I love how fast vite is and adopted vite into my Laravel projects using laravel-vite. About a month ago, Laravel announced that vite will replace Laravel Mix to be the default frontend asset bundler. I decided to migrate to the official plugin and try it out.
Overall, I find the official plugin provides a much better experience. The official plugin has a more seamless configuration, where the configs are all done in vite.config.ts, removing the need for a separate config/vite.php file (perhaps due to some Laravel Magic™ baked in). Hence, I highly recommend migrating to the official plugin if you have an hour or two to spare.
How to migrate to the official plugin
Step 1: Remove old packages
First, we need to remove the laravel-vite package as well as configs.
With the official vite plugin, there are two ways to use static assets. With laravel-vite, it is likely that you imported the asset and let vite bundle the assets at build time. However, the official plugin also supports using assets from the /public directory, allowing Laravel to serve the asset instead. This can be achieved by specifying an absolute path instead of a relative one:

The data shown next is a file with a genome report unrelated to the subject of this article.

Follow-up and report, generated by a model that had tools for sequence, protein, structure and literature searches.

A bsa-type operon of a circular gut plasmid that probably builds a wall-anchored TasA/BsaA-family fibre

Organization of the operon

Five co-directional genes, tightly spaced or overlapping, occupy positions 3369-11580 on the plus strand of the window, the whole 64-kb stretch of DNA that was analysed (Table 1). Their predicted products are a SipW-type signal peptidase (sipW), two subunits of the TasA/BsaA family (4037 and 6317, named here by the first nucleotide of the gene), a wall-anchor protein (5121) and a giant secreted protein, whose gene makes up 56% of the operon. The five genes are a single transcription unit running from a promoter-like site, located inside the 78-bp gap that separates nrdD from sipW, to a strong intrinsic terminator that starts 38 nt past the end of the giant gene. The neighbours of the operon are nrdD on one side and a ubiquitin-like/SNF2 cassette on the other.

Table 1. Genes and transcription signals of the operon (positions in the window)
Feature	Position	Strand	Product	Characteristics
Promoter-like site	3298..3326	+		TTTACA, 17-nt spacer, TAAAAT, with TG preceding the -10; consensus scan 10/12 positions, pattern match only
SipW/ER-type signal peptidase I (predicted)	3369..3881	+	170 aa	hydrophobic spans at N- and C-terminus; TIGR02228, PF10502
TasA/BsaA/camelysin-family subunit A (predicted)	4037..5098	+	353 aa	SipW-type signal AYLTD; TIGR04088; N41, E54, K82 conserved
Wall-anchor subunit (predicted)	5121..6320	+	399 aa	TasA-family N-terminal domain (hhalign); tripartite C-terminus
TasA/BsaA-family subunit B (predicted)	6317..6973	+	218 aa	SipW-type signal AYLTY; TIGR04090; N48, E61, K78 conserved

<!-- This asset is not handled by Vite and will not be included in the build --><img src="/taylor.png"><!-- This asset will be re-written, versioned, and bundled by Vite --><img src="../../images/abigail.png">
If you need to access the dev environment from another machine, you’ll need to specify the server host and port. Laravel will then use these values to load the JS files from HTML.
<!-- This is what will be injected when you load the page via the browser --><script type="module" src="http://192.168.1.5:3005/resources/js/app.ts"></script><script type="module" src="http://192.168.1.5:3005/@vite/client"></script>
Personally, I use .env to change these values instead:
At this point, vite has not load the environmental values so import.meta.env does not work. Instead, I use env-cmd to load up the environmental values beforehand: